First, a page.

BUENOS AIRES (Mar. 21)
An ex-Nazi-turned-commune-founder is facing multiple charges of child abuse, torture and murders in Chile. Paul Schaefer, founder of the a secretive German enclave in southern Chile called Colonia Dignidad, or Dignity Colony, fled Chile in 1997.
For more than seven years he had been a fugitive; that ended when he was arrested by Argentine Interpol officers in a suburb or Buenos Aires on March 10. He was then deported to Chile.
According to witnesses inside the Chilean courtroom where he appeared March 14, Schaefer, 83, appeared dazed and confused. He barely spoke during the court proceedings.
Schaefer was a corporal in the German army during World War II. In the 1950s he founded a religious sect but was accused of child abuse. He fled Germany for Belgium and then Chile.
In 1961, living in Chile, Schaefer founded Colonia Dignidad. The group, some 500 people, mostly of them German or Chilean, lived on a 40,000-acre compound about 250 miles south of Chile’s capital, Santiago.
The community created an impenetrable security system., with cameras at its gates and a wall encircling the enclave. Members also built a series of underground bunkers and tunnels. It is thought that Schaefer escaped through one of the tunnels that allegedly extends to nearby Argentine territory. It is believed as well that the same tunnel allowed a number of Nazis thought to have lived in southern Argentine and Chile to have escape in both directions.
The community grew to be an economic powerhouse, with food manufacturing, tourism and mining operations, and it developed close ties with both regional and national police forces, politicians, and the military and judicial establishments. Its businesses were so large that one Chilean government official claimed that Colonia Dignidad owes more than $5 million in back taxes.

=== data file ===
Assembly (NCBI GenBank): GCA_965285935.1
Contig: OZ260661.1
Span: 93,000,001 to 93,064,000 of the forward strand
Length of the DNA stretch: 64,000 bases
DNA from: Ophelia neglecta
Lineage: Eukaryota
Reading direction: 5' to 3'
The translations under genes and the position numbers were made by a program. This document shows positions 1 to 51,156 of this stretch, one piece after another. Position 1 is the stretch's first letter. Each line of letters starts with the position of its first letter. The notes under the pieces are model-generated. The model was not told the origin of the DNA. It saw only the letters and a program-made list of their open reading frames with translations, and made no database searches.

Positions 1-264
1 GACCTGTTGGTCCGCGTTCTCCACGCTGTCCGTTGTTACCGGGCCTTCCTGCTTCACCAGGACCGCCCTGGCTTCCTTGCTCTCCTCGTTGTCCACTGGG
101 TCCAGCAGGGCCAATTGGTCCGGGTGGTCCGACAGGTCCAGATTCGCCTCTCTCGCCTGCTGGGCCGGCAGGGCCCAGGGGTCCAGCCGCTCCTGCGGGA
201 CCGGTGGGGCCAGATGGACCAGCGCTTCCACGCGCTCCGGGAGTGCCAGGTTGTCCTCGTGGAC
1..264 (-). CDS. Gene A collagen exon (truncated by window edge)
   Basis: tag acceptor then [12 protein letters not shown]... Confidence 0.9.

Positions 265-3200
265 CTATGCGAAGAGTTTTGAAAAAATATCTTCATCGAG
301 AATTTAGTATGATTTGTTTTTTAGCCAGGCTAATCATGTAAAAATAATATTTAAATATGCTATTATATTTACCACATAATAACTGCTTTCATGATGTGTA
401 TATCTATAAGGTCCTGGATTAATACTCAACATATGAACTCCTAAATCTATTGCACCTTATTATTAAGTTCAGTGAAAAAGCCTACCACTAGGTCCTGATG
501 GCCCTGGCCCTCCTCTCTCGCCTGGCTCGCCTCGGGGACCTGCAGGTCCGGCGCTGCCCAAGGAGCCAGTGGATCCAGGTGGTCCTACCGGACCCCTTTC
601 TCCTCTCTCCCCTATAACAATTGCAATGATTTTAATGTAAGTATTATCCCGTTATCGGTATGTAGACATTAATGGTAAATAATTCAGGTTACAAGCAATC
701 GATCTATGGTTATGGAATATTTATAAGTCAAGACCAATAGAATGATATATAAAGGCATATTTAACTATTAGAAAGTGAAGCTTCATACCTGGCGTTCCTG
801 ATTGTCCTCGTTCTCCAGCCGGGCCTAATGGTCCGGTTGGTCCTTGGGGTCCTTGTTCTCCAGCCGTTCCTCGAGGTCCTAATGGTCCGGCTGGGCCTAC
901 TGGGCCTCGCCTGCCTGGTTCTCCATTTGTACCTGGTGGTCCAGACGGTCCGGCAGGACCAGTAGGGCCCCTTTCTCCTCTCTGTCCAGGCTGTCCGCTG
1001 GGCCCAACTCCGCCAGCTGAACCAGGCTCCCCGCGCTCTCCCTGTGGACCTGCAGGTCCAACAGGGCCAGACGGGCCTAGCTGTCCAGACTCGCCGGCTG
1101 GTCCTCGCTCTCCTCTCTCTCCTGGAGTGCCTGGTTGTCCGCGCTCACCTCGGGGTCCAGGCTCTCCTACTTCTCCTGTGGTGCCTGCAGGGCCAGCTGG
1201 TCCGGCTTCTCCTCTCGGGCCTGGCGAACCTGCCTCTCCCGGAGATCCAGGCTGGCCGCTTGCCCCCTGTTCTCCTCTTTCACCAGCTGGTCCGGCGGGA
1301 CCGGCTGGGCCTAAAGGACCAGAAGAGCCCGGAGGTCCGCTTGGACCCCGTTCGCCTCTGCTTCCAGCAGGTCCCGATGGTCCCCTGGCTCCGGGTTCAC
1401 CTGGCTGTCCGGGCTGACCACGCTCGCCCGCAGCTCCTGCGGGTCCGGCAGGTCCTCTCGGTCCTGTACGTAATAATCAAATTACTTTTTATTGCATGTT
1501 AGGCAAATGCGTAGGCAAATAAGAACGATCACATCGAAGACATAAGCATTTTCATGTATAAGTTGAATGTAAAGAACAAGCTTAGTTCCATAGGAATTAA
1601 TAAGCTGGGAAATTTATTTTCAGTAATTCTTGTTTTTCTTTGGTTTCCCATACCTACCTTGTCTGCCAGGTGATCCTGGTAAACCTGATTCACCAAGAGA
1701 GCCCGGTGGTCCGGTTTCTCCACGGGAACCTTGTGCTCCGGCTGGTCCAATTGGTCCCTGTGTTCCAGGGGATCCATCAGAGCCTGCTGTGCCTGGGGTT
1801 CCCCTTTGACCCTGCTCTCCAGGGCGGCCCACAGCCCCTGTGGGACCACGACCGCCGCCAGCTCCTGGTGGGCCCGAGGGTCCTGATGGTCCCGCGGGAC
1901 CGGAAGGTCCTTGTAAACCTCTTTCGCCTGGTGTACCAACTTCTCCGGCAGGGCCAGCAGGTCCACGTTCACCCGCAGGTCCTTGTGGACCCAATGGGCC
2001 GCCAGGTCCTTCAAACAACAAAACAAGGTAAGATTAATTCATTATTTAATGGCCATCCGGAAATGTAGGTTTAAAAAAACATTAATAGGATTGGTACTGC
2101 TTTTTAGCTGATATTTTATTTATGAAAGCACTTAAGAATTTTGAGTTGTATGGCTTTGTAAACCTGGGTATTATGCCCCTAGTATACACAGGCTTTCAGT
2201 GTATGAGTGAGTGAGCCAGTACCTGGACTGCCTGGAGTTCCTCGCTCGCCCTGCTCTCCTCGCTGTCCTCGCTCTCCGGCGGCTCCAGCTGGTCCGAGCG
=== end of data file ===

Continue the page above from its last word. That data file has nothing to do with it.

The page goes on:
In the late 1960s a few people began to escape from the heavily guarded compound, bringing with them charges of pedophilia and virtual enslavement of the community’s young members through the sophisticated use of drugs. No action was taken against the group, though.
During the military dictatorship of Gen. Augusto Pinochet, from 1973 to 1988, the colony was used as a torture center, according to testimony given to the Rettig Commission, which investigated military atrocities in the early 1990s. A number of “disappeared” persons were seen last in the barracks at Colonia Dignidad.
According to the commission’s report, “It is imperative for the Commission to examine and make known its conclusions with respect to the charges that have been made against Colonia Dignidad. Through some kind of agreement with the DINA” — the Chilean secret police — “and the leaders of that place, political prisoners were held and tortured there. It is particularly important to investigate the charges that Colonia Dignidad had been the last place where many of these prisoners — today disappeared — were last seen alive.”
Yet Schaefer maintained his power until 1997, when the charges of child abuse forced him to flee the country.